Place, publisher, year, edition, pages
2015. Vol. 158, p. 417-430
Keyword [en]
Water quality assessment, Chlorophyll-a, Coastal zone, MERIS, Eutrophication, Monitoring, Management, Remote sensing
National Category
Earth and Related Environmental Sciences
Research subject
Marine Ecology
Identifiers
URN: urn:nbn:se:su:diva-115272DOI: 10.1016/j.rse.2014.11.017ISI: 000348879100030OAI: oai:DiVA.org:su-115272DiVA, id: diva2:799812
Note

AuthorCount:3;

Available from: 2015-03-31 Created: 2015-03-18 Last updated: 2017-12-04Bibliographically approved
In thesis
1. Bio-optics, satellite remote sensing and Baltic Sea ecosystems: Applications for monitoring and management
Open this publication in new window or tab >>Bio-optics, satellite remote sensing and Baltic Sea ecosystems: Applications for monitoring and management
2015 (English)Doctoral thesis, comprehensive summary (Other academic)
Abstract [en]

Earth observation satellites cover large areas with frequent temporal repetition and provide us with new insight into ocean and coastal processes. Ocean colour measurements from satellite remote sensing are linked to the bio-optics, which refers to the light interactions with living organisms and dissolved and suspended constituents in the aquatic environment. Human pressures have changed the aquatic ecosystems, by, for example, the increased input of nutrient and organic matter leading to eutrophication. This thesis aims to study and develop the link between bio-optical data and the remote sensing method to the monitoring and management of the Baltic Sea. The results are applied to the European Union’s Water Directives, and the Baltic Sea Action Plan from the Helsinki commission. In paper I indicators for eutrophication, chlorophyll-a concentration and Secchi depth were evaluated as a link to remote sensing observations. Chlorophyll-a measurements from an operational satellite service (paper I) were compared to conventional ship-based monitoring in paper II and showed high correlations to the in situ data. The results in paper I, II and IV show that the use of remote sensing can improve both the spatial and temporal monitoring of water quality. The number of observations increased when also using satellite data, thus facilitating the assessment of the ecological and environmental status within the European Union’s water directives. The spatial patterns make it possible to study the changes of e.g. algae blooms and terrestrial input on larger scales. Furthermore, the water quality products from satellites can offer a more holistic and easily accessible view of the information to decision makers and end-users. In paper III variable relationships between in situ bio-optical parameters, such as coloured dissolved organic matter (CDOM), dissolved organic carbon, salinity and Secchi depth, were found in different parts of the Baltic Sea. In paper IV an in situ empirical model to retrieve suspended particulate matter (SPM) from turbidity was developed and applied to remote sensing data. The use of Secchi depth as an indicator for eutrophication linked to the concentrations of chlorophyll-a and SPM and CDOM absorption was investigated in paper V. The variations in Secchi depth were affected differently by the mentioned parameters in the different regions. Therefore, one must also consider those when evaluating changes in Secchi depth and for setting target levels for water bodies. This thesis shows good examples on the benefits of incorporating bio-optical and remote sensing data to a higher extent within monitoring and management of the Baltic Sea.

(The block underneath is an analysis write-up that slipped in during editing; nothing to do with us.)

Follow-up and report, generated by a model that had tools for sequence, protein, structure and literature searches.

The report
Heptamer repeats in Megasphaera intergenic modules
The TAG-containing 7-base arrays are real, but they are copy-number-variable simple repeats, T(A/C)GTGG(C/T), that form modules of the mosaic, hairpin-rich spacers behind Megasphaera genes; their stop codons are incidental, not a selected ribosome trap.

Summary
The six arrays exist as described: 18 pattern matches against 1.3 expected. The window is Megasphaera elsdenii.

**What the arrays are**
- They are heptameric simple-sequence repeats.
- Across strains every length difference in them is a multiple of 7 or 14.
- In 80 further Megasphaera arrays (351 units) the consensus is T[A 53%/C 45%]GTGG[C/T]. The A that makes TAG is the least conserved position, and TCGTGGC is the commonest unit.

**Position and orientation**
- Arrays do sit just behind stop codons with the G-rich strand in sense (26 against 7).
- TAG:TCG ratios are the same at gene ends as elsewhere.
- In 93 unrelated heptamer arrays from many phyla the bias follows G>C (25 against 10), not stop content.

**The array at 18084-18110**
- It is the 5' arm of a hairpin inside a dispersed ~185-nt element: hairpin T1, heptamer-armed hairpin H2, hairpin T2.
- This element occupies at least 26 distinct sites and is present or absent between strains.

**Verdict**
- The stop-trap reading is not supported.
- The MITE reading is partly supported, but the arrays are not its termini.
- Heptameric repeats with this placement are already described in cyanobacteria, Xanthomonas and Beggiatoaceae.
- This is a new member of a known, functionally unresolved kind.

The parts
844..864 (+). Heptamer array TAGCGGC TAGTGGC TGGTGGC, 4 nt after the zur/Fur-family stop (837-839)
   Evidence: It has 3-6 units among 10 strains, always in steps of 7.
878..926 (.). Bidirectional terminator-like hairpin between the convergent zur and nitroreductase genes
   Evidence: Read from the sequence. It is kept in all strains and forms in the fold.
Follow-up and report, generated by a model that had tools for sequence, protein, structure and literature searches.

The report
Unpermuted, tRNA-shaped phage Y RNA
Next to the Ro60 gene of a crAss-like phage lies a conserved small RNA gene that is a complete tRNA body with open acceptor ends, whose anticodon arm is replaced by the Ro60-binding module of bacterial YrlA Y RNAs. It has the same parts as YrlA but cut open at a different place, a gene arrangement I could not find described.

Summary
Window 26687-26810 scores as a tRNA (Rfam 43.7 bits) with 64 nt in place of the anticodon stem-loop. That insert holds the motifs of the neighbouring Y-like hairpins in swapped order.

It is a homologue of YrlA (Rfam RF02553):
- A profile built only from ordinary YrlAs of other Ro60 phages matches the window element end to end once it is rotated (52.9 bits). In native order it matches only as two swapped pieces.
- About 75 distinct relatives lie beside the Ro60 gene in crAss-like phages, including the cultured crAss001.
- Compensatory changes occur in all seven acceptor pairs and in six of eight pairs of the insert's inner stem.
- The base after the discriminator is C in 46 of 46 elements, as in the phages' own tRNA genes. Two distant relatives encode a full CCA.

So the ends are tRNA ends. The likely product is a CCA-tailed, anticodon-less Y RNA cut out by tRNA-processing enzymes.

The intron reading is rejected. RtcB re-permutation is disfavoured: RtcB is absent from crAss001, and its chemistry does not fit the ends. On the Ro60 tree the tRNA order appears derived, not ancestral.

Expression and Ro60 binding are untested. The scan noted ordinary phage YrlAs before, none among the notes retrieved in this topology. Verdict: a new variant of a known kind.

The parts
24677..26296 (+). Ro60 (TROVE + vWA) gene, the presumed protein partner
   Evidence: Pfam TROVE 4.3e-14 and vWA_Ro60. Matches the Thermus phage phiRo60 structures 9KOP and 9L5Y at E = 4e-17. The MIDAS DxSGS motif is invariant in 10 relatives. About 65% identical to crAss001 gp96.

Place, publisher, year, edition, pages
Stockholm: Department of Ecology, Environment and Plant Sciences, Stockholm University, 2015. p. 59
Keyword
Bio-optics, Remote sensing, MERIS, Eutrophication, Baltic Sea, Monitoring, Management, WFD, MSFD, HELCOM, Chlorophyll-a, Secchi depth, Coloured Dissolved Organic Matter, Suspended Particulate Matter
National Category
Ecology
Research subject
Marine Ecology
Identifiers
urn:nbn:se:su:diva-119578 (URN)978-91-7649-219-2 (ISBN)
Public defence
2015-10-02, William-Olssonsalen, Geovetenskapens hus, Svante Arrhenius väg 14, Stockholm, 13:00 (English)
Opponent
Supervisors
Funder
Swedish National Space Board, Dnr. 165/11EU, European Research Council, SPICOSA 36992Nordic Council of Ministers, 80106 & 42041EU, FP7, Seventh Framework Programme, WaterS 251527Baltic Ecosystem Adaptive Management (BEAM), 4315403Ecosystem dynamics in the Baltic Sea in a changing climate perspective - ECOCHANGE, 4315403Swedish Environmental Protection Agency, WATERS
Note

At the time of the doctoral defense, the following papers were unpublished and had a status as follows: Paper 4: Manuscript. Paper 5: Manuscript.

Available from: 2015-09-10 Created: 2015-08-17 Last updated: 2017-04-11Bibliographically approved